Many QTLs for BMD but few genes
BMD is a quantitative trait that is controlled by combinatorial interactions among multiple genetic and environmental factors, with the genetic components being responsible for most of the variability.3 Over the past decade numerous investigative groups have attempted to map genetic loci regulating BMD by identifying QTLs arising after interbreeding different inbred mouse strains (reviewed in Xiong and colleagues6, 8), and through more limited genome-wide association studies (GWAS) in human populations.4 Recent compilations of QTLs have counted more than 100 loci potentially contributing to BMD in mice,6, 9 and these map to all 19 autosomes and to the X chromosome,9 with over one-half being associated with femoral BMD and the others with either vertebral or whole-body BMD.9 In addition, analyses by comparative genomics have found that most of the human GWAS loci linked to BMD are located within the statistical confidence interval of the orthologous mouse QTL.9 However, despite these advances, very few BMD genes have been definitively characterized to date,9, 18, 40 demonstrating that much work needs to be done to develop effective strategies for identifying the specific genetic regulators of BMD, and for defining their modes of action. In this context, the recent characterization by DNA sequencing of the genomes of 17 strains of inbred laboratory mice41 will help establish the genetic basis of phenotypes, including those contributing to QTLs for BMD.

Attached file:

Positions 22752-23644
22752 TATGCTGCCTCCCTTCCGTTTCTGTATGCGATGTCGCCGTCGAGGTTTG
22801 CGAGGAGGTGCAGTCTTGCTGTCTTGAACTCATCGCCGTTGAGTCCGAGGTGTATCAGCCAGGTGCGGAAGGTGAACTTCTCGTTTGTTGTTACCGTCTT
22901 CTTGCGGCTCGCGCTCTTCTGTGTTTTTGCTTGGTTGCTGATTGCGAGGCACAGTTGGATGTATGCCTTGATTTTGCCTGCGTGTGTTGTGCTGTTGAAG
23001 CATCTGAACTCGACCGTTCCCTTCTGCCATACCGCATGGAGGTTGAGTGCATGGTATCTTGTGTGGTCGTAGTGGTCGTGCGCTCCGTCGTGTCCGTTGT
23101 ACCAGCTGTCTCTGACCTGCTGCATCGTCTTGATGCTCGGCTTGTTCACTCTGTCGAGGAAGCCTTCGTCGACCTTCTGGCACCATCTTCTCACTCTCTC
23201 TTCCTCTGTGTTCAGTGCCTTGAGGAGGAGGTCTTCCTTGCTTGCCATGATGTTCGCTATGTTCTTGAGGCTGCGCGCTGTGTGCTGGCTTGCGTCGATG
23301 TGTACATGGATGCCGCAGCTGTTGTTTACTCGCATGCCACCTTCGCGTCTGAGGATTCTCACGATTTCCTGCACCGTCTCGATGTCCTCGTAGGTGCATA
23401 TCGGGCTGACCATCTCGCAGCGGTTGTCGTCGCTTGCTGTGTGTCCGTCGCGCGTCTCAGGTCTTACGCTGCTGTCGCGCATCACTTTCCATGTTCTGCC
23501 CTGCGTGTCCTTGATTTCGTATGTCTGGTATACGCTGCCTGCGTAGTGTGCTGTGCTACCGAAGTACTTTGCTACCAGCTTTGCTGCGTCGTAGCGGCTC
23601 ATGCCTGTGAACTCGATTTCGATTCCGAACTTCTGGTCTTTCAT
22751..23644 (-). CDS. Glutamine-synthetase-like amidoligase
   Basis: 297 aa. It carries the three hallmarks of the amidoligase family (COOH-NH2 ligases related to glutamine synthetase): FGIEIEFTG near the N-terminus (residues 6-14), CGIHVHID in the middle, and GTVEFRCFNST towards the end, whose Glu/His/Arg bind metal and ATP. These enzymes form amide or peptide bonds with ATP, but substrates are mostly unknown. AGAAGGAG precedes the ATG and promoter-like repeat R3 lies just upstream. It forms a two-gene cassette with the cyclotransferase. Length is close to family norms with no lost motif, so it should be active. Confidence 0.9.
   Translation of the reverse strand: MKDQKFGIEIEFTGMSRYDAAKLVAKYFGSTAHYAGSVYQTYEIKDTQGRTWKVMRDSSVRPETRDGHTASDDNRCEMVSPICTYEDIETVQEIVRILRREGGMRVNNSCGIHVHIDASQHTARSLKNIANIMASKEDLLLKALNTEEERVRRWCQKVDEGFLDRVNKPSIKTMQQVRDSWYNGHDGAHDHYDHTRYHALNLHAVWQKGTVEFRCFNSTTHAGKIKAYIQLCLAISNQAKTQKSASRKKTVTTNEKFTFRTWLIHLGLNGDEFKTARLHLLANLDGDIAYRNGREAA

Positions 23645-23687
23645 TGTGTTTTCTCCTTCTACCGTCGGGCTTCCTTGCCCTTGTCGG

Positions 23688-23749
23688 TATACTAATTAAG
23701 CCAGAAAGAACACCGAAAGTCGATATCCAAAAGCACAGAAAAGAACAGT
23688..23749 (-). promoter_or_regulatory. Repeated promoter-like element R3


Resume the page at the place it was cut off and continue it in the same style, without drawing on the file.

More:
TGF-β, LTBP4, BMPs, and bone